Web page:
It’s been a looong time since I’ve posted any pencil-related content around here, but pencils are something I certainly love and use a lot, as do many of my readers, so I need to make more of an effort to diversify. First up is a short piece on a category of pencils that plays a key part in my workflow: highlighting pencils, also sometimes referred to as “dryliners.” Why, you might ask? First of all, I find that they last longer than traditional ink-guzzling liquid highlighters, they don’t dry out, and I would think they’re also a more eco-conscious choice because you’re not stuffing landfills with discarded plastic bodies. Second depending on how you sharpen these pencils, you can adjust the tip size to make it narrower or broader, per your preference. The downside, of course, is lighter pigment than in traditional liquid ink, and some might find sharpening inconvenient because the core is soft, like a colored pencil. If you want to keep a point or a narrow tip, you’ll have to sharpen a lot.
Similarly, so-called double-ended editing pencils combine two different colors of graphite, traditionally blue and red. CW Pencil Enterprise, however, recently released their latest collaboration with Caran d’Ache, “The Editor,” which is a double-ended pencil featuring red and HB graphite - a more convenient combination. I haven’t quite figured out a use case for this pencil yet. I mostly prefer to edit in ink as opposed to red pencil, but Caran d’Ache’s red pigment is excellent and very visible.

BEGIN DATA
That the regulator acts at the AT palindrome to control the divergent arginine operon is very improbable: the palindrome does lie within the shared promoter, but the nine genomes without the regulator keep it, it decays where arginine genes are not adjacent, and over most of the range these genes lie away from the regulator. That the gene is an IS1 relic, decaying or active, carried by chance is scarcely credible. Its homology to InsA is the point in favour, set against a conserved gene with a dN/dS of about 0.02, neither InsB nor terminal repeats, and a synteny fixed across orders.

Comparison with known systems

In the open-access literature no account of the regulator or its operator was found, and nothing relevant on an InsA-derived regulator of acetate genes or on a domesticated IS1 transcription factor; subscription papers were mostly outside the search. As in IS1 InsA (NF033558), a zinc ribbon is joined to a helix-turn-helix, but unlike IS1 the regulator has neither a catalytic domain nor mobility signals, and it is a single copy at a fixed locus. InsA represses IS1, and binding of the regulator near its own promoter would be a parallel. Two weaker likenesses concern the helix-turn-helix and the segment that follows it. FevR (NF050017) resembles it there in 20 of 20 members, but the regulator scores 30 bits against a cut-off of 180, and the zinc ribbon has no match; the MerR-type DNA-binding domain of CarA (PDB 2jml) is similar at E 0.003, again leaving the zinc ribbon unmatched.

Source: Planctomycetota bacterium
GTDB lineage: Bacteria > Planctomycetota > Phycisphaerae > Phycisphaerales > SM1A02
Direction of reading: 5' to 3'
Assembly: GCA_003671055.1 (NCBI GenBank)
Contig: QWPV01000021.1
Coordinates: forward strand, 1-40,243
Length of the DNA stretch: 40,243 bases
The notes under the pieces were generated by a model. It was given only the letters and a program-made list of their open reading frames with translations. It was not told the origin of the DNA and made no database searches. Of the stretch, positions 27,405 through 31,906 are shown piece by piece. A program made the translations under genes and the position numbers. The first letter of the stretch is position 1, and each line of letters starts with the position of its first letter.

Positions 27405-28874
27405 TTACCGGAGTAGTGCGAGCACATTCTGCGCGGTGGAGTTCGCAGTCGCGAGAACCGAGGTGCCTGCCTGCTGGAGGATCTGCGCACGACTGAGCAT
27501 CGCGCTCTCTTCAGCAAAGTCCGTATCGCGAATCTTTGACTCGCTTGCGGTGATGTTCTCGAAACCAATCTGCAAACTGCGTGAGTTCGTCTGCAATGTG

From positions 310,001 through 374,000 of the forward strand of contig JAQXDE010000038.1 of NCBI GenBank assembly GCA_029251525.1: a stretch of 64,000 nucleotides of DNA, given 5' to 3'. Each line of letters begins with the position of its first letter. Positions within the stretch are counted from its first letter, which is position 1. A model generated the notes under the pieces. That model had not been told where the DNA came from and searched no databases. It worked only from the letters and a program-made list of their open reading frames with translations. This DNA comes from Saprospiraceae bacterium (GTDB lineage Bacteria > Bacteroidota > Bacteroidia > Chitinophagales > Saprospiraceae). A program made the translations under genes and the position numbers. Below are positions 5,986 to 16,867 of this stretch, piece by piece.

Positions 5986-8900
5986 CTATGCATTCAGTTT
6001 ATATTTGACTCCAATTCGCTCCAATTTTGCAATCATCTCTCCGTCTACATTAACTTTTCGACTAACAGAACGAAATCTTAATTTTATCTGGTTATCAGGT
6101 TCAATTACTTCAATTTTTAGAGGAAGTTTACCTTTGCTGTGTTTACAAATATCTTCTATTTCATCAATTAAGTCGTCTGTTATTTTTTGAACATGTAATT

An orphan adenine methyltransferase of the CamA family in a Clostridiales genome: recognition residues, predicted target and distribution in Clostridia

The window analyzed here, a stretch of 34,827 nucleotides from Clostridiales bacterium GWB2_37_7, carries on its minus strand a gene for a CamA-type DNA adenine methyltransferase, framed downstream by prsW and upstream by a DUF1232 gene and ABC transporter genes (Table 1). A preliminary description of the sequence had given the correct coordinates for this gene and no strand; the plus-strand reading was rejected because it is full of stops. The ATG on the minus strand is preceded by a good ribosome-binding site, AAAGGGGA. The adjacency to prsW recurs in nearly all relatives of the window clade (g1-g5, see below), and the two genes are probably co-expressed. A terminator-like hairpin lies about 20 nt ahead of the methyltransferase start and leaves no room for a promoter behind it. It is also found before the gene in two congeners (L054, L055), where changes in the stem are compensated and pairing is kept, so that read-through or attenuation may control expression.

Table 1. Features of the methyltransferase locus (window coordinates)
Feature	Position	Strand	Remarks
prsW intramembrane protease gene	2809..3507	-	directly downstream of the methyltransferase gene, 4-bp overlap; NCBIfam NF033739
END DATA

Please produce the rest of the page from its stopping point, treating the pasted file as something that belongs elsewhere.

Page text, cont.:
Takeaways and Where to Buy
Unfortunately, those of us who are into quirky stationery items like these know that the only place to get them are via highly specialized shops. CW Pencils carries the Caran d’Ache Graphicolor HB/Highlighter combo, the Milan graphite/highlighter combo, and of course, “The Editor”. Of these three, the Milan is the one that’s most likely to make its way into my daily rotation. At $1 each, it’s a more economical choice for a workhorse than the Caran d’Ache pencils, which run a pricey $3 per pencil. I do like the editor though, and I’ll likely keep them tucked into books I’m reading for annotations. That way they’ll last longer!
Another option for highlighter pencils are Faber-Castell Textliners, which can be extremely difficult to source in the States, so I stock up on them whenever I place an order to UK retailer Cult Pens, which sells them by the box in all available colors. These also aren't double-ended pencils - they’re quite long, triangular jumbo grip highlighters that last a while, which defrays the cost a bit.
Disclaimer: I purchased the products featured in this review with my own funds, for my own use.